Two Christians are to appeal for the right to turn couples away from inns. It is reported that in making this appeal they are being supported by the Christian Institute.
On one level this is all quite bizarre. One would perhaps expect Christians to be rather less judgemental, in accordance with the recorded liberal and inclusive teachings of Jesus of Nazareth. After all, he was welcoming to sex workers and even tax collectors. But, then again, how the many Christians who believe Mary being impregnated by a "god" is somehow more normal than gay sex has always been quite beyond me.
However, the contentions of the hoteliers in this case are troubling regardless of any seeming conflict between homosexuality and a distorted form of Christianity. Indeed, there is a very basic legal principle at stake.
It is a great and ancient English legal tradition that any hotel is in principle open to any guest. Inns, like toll bridges and ferries, should be open to all comers who are able to pay their way.
As a legal tradition, this predates the Victorian legal invention of extreme freedom of contract doctrine. It was simply not open to the innkeeper, the tollhouse, or the ferryman to refuse to enter into a contract on a whim. There was always a greater public interest than selfish contractual autonomy.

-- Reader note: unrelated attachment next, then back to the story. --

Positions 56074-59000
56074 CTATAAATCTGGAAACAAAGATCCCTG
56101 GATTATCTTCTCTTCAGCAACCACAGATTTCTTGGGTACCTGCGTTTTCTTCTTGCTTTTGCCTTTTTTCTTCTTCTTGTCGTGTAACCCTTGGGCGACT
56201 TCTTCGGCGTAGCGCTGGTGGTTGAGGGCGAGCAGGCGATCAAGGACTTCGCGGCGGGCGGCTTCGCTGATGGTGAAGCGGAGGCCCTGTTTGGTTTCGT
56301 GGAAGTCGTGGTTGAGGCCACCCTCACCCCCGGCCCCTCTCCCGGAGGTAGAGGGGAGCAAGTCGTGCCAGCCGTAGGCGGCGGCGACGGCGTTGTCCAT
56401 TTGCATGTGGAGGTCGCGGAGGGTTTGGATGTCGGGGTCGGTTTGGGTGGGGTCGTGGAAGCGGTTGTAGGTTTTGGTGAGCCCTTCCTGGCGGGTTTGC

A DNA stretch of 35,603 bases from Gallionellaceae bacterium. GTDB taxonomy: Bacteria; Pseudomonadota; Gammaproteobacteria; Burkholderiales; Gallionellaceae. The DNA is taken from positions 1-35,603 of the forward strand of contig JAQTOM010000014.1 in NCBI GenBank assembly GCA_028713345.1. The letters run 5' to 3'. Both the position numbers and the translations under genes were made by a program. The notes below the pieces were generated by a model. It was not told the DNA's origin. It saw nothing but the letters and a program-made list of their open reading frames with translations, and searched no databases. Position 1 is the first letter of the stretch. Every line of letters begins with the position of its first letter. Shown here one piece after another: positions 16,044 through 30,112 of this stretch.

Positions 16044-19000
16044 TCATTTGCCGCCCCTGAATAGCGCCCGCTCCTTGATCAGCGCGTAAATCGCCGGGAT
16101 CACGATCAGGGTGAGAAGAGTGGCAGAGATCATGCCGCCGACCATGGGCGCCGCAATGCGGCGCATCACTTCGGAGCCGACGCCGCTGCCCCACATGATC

This area of law, aspects of which are called "common carriage", is still highly relevant today. Modern telecommunications and utilities law is to a large extent premised on such rules of "common carriage". It also informs the ongoing debates on net neutrality.
The duties that one owes to strangers are central to any developed system of law, as they are to any sensible system of ethics. In both legal and ethical contexts, there is long tradition of valuing the hospitality to be given to travellers and guests.
So it is saddening that some followers of the very religion that gave us the parable of the Good Samaritan appear now to be completely unaware of this.
David Allen Green is legal correspondent of the New Statesman.